Canal de Isabel II receives the 2nd Madrid Subterra Prize for its commitment to energy efficiency - Canal de Isabel II receives the 2nd Madrid Subterra Prize for its commitment to energy efficiency
Canal de Isabel II receives the 2nd Madrid Subterra Prize for its commitment to energy efficiency
The company's objective is to ensure that 100 % of its electrical energy is self-supplied by 2030
- Linchpins in the strategy include its commitment to the circular economy, clean energy production and emissions reduction
- Canal de Isabel II is developing two pioneering European centres of excellence for wastewater management
- Díaz Ayuso received the award within the framework of COP25, in recognition of the public company’s commitment to innovation
Today at the COP25 Climate Summit, the President of the Community of Madrid, Isabel Díaz Ayuso, received the 2nd Madrid Subterra Prize, recognising Canal de Isabel II’s work on innovation in energy efficiency and optimisation of resources within the framework of the circular economy.
The president of the regional government explained that the goal of the public company, which is responsible for integrated water management across the Community of Madrid, is to achieve 100 % energy self-supply by 2030 from renewable or high efficiency sources, making it the first European company in its sector whose energy generation will be equal to or greater than its consumption. Among all the companies in the Community of Madrid, Canal already has the greatest installed capacity for electric power generation, with a total power of 107.1 megawatts.
During 2018, Canal de Isabel II consumed a total of almost 460,000 megawatt hours of electricity throughout the Community of Madrid in order to manage the abstraction, treatment, distribution, sanitation, purification and reuse of water in the region.
Aware of the significance of this level of consumption, Canal de Isabel II has been developing initiatives for the generation of electrical energy through synergistic water management processes, such as microturbines in supply networks and WWTPs, cogeneration through sludge treatment, hydroelectric power plants and power generation plants using biogas.
Thanks to these initiatives, in 2018 Canal’s facilities produced 68% of its electrical energy consumption - the equivalent of the annual consumption of a town such as Móstoles - which prevented the release of 77,100 tonnes of CO2 into the atmosphere.
Isabel Díaz Ayuso also talked about Canal’s development of centres of excellence and wastewater research, which will be pioneering at European level. These include the Centre of Excellence for Innovation in Water Drainage, in Meco, and the Centre of Excellence for Innovation in Water Purification, in Torrejón de Ardoz.
The two new centres, explained Díaz Ayuso, will be “open to universities, companies and technology centres for developing new water management technologies. Having young talented people is essential to innovation, technological development and pioneering projects”, said the president. She also recognised the work of Madrid Subterra, an organisation which channels university talent with the aim of harnessing potential underground energy, and stated her intention for Canal to follow in the footsteps of the Madrid Metro and join its project.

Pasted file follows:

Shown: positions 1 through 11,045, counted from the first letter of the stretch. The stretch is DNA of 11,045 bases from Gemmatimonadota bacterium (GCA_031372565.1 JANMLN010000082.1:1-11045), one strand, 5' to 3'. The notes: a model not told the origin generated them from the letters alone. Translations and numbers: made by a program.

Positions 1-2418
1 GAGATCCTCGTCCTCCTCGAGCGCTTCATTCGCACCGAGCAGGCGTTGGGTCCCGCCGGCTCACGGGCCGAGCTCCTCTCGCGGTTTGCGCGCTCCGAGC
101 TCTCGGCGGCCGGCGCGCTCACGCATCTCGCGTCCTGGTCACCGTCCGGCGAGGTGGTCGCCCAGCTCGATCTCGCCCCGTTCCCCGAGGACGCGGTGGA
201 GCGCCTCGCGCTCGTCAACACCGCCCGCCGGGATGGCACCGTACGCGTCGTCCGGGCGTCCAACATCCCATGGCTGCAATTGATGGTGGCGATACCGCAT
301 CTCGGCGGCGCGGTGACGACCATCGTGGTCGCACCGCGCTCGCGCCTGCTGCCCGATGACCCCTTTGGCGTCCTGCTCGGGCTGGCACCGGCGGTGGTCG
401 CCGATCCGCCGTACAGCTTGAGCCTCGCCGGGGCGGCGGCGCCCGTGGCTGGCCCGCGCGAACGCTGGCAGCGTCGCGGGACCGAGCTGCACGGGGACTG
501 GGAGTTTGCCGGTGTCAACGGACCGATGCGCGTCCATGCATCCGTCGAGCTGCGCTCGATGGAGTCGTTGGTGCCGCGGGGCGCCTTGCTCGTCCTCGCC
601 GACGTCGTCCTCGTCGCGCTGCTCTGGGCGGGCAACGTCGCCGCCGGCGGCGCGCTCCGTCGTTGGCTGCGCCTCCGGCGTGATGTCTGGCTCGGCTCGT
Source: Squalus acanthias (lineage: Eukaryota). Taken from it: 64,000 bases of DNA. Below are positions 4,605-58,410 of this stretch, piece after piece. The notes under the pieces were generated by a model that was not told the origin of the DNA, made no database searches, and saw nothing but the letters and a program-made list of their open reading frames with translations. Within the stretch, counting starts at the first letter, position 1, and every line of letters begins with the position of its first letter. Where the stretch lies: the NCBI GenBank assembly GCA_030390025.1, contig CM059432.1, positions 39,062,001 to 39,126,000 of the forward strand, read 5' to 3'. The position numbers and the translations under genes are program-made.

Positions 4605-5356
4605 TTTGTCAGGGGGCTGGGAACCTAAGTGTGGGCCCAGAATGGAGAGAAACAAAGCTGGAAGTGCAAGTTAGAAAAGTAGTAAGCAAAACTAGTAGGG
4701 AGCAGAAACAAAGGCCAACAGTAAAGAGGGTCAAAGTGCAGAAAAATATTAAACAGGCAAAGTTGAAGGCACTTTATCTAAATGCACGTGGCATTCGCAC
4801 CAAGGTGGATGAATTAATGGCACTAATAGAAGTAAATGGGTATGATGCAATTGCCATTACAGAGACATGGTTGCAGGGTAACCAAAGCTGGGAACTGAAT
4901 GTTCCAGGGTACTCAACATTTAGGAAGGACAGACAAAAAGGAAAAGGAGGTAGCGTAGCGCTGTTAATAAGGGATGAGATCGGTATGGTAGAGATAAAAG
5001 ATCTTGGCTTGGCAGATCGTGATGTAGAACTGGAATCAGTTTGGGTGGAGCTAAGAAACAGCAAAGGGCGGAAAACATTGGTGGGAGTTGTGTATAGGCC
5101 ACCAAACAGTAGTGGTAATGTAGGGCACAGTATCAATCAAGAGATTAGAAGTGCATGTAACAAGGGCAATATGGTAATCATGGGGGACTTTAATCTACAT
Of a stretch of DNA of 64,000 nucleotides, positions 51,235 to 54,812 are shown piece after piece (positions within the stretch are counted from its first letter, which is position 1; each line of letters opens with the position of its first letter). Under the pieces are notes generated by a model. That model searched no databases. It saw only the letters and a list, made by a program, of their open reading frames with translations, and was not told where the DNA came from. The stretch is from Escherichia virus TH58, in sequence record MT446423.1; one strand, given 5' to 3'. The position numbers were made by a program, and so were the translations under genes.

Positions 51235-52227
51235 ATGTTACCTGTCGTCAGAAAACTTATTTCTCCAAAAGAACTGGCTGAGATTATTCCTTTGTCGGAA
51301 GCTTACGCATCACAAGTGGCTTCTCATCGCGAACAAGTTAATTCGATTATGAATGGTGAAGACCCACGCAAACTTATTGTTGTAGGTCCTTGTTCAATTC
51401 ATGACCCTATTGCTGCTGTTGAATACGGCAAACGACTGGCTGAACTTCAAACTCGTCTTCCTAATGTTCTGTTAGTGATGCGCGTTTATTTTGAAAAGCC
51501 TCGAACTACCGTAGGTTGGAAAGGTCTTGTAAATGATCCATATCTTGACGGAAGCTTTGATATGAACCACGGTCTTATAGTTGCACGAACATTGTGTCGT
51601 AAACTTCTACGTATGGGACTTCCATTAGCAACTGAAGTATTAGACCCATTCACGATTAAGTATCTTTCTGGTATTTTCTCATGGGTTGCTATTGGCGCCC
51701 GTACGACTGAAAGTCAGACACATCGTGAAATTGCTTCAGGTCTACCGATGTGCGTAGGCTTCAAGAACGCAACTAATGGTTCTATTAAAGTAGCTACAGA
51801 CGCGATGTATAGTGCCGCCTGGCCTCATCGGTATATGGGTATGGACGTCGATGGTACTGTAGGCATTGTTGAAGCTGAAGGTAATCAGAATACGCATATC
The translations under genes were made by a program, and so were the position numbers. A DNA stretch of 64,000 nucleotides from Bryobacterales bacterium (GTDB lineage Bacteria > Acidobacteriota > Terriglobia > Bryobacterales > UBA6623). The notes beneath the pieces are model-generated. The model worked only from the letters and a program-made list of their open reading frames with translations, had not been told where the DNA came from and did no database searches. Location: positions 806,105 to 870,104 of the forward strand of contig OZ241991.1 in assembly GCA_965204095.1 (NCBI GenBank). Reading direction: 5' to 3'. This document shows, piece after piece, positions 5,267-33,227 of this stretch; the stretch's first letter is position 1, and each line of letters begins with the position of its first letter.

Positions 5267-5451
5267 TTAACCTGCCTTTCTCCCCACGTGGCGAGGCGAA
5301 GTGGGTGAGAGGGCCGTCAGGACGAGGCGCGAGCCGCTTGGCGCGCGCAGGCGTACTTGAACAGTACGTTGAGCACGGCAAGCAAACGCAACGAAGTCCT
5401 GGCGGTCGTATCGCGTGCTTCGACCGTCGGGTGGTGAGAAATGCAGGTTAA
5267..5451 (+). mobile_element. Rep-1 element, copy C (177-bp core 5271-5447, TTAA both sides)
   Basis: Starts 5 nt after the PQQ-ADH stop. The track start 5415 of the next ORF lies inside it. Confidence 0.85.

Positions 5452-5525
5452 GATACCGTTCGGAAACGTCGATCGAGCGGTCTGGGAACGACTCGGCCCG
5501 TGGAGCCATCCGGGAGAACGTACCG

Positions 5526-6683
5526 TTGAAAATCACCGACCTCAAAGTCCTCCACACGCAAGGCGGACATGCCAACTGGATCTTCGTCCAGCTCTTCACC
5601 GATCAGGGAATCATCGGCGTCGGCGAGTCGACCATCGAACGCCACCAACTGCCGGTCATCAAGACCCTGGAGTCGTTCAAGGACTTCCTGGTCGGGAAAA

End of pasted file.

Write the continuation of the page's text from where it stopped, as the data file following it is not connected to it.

The award received today also recognises Canal’s role as guarantor of the water supply to the majority of municipalities in the Madrid region, based on a municipal model which has earned both national and international recognition.
ACTIVITIES FOR CIVIL SOCIETY AND THE PROMOTION OF SUSTAINABILITY
The public company Canal de Isabel II received the award within the framework of the COP25 climate summit, where the Community of Madrid participated in over 30 activities, including lectures, conferences and seminars focused on water management and climate change mitigation.
Canal de Isabel II has been playing an active part in the United Nations Climate Change Conference (COP25). At various events and forums, the company has talked about its business strategy’s firm commitment to energy efficiency, the circular economy, the use of renewable energy and sustainable development. Its Strategic Plan 2030 is aligned with the sustainable development goals and includes actions that not only aim to guarantee the water supply in times of scarcity but also to decarbonise Canal’s activities, reduce CO2 emissions, commit to self-supply and clean and high-efficiency sources of energy, and reassess and make use of by-products as a fundamental line of support for the circular economy.
One of its most visible actions was the distribution to all summit attendees of more than 20,000 reusable, recyclable glass bottles, bearing the motto #deMadridydelGrifo (from Madrid and from the tap). In addition to promoting the consumption of tap water, supplied by Canal de Isabel II and made available through the installation of drinking water fountains in the Climate Summit venue, these bottles have helped reduce the use of single-use plastic.
The company also organised a seminar on water and climate change, as well as visits for both Summit delegates and the general public to the El Atazar dam, one of the most important facilities in the region and the largest dam supplying the Community of Madrid.
Canal de Isabel II was founded almost 170 years ago to supply water to the city of Madrid and today its more than 2,800 employees work every day to provide services to over 6 million people throughout the region. An innovative public company and a leader in its sector, it has gained international recognition for its integrated water management.
The company operates 13 reservoirs, 78 groundwater abstraction systems, a 17,601-kilometre conveyance and distribution network, 131 pumping stations for drinking water and 133 for wastewater, 15,083 kilometres of sewer system networks, 65 storm tanks, 157 wastewater treatment plants and a 615-kilometre reclaimed water network.